FORTUNE — According to the New York Times‘ Pulitzer Prize-winning iEconomy series, Apple (AAPL) has gone to extraordinary lengths to avoid paying its fair share of taxes — well beyond the usual tax reduction strategies U.S. corporations have long considered fair game.
Next week, more than year after the story appeared, Tim Cook will get a chance to address those charges.
Politico reported Wednesday, and we have confirmed, that Cook has been called to testify before Carl Levin’s Senate Permanent Subcommittee on Investigation to answer questions about Apple’s off-shore cash holdings.
This will be the second of two hearings the subcommittee has held as it drafts new tax codes designed to capture some of the billions U.S. corporations have saved by shifting profits overseas.
Last September, Levin hauled executives from Microsoft (MSFT) and Hewlett-Packard (HPQ) on the carpet to explain why they seemed to be laundering money — perfectly legally under current laws — through subsidiaries in low-tax countries.
According to a subcommittee report, HP was using a clever trick whereby it loaned money to itself by borrowing a small fortune — between $6 billion and $9 billion — from its overseas operations.
Microsoft, Levin charged, used a more complicated subterfuge. It avoided paying more than $6 billion in taxes by transferring intellectual property rights to offshore subsidiaries in low-tax jurisdictions only to turn around and buy back the rights to make sales in the U.S.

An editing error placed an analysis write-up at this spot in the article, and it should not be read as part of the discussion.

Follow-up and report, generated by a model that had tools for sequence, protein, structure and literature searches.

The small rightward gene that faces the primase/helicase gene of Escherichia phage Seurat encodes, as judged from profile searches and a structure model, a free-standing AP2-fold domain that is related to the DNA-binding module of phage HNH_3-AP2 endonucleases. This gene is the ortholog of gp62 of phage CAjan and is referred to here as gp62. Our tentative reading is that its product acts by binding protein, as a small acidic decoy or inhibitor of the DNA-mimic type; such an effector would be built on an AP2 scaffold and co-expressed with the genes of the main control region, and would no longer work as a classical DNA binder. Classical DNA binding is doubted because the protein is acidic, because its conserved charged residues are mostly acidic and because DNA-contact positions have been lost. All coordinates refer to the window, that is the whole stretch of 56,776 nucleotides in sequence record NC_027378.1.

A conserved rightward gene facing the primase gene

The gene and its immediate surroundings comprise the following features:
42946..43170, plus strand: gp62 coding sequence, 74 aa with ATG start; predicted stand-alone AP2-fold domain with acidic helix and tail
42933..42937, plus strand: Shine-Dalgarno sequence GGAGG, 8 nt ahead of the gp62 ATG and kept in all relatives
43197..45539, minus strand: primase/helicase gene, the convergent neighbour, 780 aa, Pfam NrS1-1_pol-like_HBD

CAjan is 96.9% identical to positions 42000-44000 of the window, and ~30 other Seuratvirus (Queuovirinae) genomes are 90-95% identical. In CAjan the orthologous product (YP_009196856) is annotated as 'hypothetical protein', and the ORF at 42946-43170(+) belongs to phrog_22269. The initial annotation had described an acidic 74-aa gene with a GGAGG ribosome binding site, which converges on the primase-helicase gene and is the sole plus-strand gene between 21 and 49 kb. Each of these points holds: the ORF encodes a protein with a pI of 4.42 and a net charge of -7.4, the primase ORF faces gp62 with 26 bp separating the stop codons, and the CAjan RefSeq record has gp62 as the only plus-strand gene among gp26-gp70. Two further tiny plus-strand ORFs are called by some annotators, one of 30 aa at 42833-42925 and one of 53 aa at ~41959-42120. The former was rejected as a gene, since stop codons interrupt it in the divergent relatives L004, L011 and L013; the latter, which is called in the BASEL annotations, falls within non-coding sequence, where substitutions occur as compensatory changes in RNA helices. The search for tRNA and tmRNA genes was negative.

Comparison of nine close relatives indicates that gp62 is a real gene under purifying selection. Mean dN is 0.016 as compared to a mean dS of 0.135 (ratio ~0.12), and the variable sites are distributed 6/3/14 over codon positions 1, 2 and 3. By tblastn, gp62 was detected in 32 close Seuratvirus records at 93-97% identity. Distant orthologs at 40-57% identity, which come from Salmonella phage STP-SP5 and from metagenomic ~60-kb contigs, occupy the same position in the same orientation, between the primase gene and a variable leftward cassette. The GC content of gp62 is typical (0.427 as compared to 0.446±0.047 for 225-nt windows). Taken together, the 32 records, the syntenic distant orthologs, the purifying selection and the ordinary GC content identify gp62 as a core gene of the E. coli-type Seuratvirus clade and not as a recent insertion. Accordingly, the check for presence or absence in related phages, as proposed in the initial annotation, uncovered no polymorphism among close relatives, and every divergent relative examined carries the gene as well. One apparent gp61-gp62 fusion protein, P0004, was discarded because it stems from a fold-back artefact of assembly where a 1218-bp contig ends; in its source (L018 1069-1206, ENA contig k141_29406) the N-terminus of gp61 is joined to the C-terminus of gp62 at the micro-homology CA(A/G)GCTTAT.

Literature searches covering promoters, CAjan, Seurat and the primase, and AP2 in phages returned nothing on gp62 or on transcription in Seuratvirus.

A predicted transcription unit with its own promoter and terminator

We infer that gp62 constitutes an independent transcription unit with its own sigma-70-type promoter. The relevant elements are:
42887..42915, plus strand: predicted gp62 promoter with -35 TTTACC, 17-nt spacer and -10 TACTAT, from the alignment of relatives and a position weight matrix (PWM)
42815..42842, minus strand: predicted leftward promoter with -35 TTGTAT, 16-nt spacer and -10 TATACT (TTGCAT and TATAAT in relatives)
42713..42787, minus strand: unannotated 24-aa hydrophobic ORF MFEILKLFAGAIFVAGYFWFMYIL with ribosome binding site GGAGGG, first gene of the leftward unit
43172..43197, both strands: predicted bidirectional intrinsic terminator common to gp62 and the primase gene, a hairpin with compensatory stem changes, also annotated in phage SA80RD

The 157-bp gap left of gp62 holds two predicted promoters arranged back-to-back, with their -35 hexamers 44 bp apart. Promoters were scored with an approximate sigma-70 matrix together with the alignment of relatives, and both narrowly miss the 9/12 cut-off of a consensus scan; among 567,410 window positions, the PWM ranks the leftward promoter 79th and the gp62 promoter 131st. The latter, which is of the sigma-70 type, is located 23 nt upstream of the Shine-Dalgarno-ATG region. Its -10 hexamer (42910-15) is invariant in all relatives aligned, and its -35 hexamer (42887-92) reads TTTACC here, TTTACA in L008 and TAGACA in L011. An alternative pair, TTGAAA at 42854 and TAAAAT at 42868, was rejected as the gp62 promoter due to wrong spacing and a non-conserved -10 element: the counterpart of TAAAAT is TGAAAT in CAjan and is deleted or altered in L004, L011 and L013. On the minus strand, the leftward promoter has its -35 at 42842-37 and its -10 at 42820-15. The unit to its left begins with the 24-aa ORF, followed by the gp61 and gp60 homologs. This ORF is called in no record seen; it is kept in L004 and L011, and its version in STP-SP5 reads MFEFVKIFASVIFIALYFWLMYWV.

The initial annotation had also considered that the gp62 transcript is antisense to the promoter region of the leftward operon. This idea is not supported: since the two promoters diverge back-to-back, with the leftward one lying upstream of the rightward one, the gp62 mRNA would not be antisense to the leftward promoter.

Apple makes no secret of the fact that it’s holding more than $100 billion in overseas accounts rather than pay a 35% U.S. repatriation tax.
For several years the company was part of a lobbying effort led by Cisco (CSCO) CEO John Chambers that was pushing for a tax holiday like the one enacted during the second Bush administration. That effort that fizzled out a few years ago, although on Thursday Cook told the
he planned to propose a modified tax holiday plan during next week’s testimony. He said he would offer a “dramatic simplification” of the tax code that would both reduce the cost of repatriation and encourage companies invest the foreign earnings they bring back into new jobs and more R&D.
Last month Apple found another way around the problem: It borrowed $17 billion to buy its own stock rather than draw on its overseas holdings, a maneuver that saved the company, according to one estimate, $9.2 billion.
Cook may well be questioned about all this next week. What I’ll be waiting for is some evidence that the most serious charges in the Times‘ story are true.
Because as near as I can tell, there’s a big difference between what Apple does and what the Times says it did, and it’s this:
Apple actually has real operations — not “letterboxes in anonymous offices” — in the countries where its cash is being held. Last quarter, according to company’s latest Form 10-Q, 66% of its reported income was earned outside the U.S. and 70% of its cash was parked there.
Apple, for its part, says its been cooperating with Levin’s subcommittee and is looking forward to answering any further questions it might have.
“Apple is one of the largest taxpayers in the United States, having paid $6 billion in federal corporate income tax in fiscal 2012,” said spokesperson Steve Dowling in a prepared statement. “We also help create hundreds of thousands of jobs in the U.S. by keeping our R&D in California and creating category-defining products like the iPhone, the iPad and the App Store, which has generated billions of dollars in sales for software developers.”
I expect we’ll hear more of the same from Tim Cook next week.